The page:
Nov. 1 -- FRIDAY, Oct. 31 (HealthDay News) -- A simple mouth rinse can spot specific types of human papillomavirus, some of which cause genital warts and increase the risk of developing certain types of cancer, new research shows.
The study, published in the Nov. 1 issue of Clinical Cancer Research, reaffirms that people exposed to human papillomavirus (HPV-16), the variant that causes cervical cancer, are more likely to develop cancers of the head and neck.
The researchers followed 135 patients with head and neck cancer over five years, and found that the patients with HPV-16 positive tumors were far more likely to test positive for oral HPV-16 infections before, during, and after therapy.
Although past research has shown a strong association between cancers of the head and neck and HPV-16 infection, these researchers used genetic sequencing to confirm the link between HPV-16 infection and HPV-16 shed by tumors in patients with head and neck cancers. Patients with HPV-16 positive tumors were also more likely to test positive for all types of the virus.
"Most of the 50 percent of people who get an HPV infection at some point in their lives clear it with no problem," said study co-author Dr. Maura Gillison, an associate professor of oncology at Johns Hopkins. "The question is, how do we identify those who will have a problem from the infection with those who will not?"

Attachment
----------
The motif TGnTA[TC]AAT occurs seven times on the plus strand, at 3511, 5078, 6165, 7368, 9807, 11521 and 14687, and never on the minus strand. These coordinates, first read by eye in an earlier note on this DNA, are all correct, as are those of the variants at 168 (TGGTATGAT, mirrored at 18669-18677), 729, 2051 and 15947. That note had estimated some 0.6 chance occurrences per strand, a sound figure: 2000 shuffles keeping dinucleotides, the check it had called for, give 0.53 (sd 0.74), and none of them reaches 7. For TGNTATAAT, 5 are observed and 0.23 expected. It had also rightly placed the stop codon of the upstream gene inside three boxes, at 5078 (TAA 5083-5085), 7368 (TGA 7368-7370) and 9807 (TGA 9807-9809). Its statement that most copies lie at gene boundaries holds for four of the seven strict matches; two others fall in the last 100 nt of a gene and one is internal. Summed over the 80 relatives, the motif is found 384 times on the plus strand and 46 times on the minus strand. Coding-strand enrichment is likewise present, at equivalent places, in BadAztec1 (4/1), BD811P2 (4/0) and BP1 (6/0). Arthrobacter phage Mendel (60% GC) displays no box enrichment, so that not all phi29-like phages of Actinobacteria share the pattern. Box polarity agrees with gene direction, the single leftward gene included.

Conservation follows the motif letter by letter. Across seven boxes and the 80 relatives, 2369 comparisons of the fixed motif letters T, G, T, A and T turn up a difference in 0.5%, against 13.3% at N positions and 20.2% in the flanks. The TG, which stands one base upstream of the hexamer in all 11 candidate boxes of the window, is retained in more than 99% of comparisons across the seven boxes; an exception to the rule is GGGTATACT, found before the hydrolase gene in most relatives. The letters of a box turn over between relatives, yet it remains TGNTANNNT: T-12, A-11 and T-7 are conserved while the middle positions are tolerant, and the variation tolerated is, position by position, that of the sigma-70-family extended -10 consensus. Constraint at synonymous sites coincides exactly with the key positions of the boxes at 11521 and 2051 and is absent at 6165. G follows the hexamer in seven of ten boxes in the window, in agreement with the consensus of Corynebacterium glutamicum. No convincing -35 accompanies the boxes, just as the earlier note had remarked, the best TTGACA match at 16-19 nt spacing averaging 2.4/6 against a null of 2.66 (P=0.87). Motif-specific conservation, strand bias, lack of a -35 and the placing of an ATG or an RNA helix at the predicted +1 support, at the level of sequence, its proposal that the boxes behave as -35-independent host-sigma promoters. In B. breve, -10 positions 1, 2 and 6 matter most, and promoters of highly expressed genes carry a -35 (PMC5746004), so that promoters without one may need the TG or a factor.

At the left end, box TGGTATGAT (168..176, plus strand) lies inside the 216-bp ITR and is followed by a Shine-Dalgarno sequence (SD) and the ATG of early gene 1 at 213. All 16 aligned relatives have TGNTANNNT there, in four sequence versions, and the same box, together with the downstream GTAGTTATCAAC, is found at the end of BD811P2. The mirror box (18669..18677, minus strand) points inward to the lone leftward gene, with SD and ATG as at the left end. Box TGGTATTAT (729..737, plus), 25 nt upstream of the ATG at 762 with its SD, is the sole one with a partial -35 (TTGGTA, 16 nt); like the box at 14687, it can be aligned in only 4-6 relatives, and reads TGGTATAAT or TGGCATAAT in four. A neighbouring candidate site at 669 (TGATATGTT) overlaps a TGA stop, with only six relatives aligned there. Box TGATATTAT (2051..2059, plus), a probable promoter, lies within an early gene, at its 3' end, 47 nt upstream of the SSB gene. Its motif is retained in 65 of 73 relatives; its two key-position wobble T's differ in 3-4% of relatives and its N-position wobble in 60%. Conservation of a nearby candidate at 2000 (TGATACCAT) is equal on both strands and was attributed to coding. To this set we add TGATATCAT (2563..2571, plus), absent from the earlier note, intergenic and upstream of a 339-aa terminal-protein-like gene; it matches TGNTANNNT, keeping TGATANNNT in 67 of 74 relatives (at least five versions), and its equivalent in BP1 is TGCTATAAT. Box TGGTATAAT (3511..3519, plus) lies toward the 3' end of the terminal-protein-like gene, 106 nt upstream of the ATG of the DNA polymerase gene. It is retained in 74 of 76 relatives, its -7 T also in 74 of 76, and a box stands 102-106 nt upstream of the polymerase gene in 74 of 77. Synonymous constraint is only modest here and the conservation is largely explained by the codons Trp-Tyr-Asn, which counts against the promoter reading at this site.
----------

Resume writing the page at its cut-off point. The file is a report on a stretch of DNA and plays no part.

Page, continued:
Although the vaccine Gardasil has been shown to offer protection against HPV infection and thus reduce the incidence of cervical cancer, efforts to vaccinate young girls have been controversial. Some believe vaccinating young girls may encourage premarital sex or promote risky sexual behavior.
But the link between HPV infection and cancers of the head and neck has prompted many researchers to advocate vaccinating boys as well as girls. "In the future, vaccinating all young women between the ages of 9 and 26 would reduce oral cancer if HPV is indeed the cause," said Dr. Mark Werner, an obstetrician/gynecologist at William Beaumont Hospital in Royal Oak, Mich. "Maybe at some point, men or young boys will be vaccinated as well."
The study concluded that a noninvasive oral rinse may help researchers understand how different variants of the virus impact the development, outcome, and recurrence of different cancers.
"Can we use HPV oral detection for screening purposes to identify people who are at risk for this type of cancer?" asked Gillison. "The broader implications are that these can be applied to other studies."
Find out more about HPV at the Centers for Disease Control and Prevention.
SOURCES: Mark Werner, M.D., obstetrician/gynecologist, William Beaumont Hospital, Royal Oak, Mich.; Maura Gillison, M.D., Ph.D., associate professor, oncology, Johns Hopkins University, Baltimore; Nov. 1, 2008, Clinical Cancer Research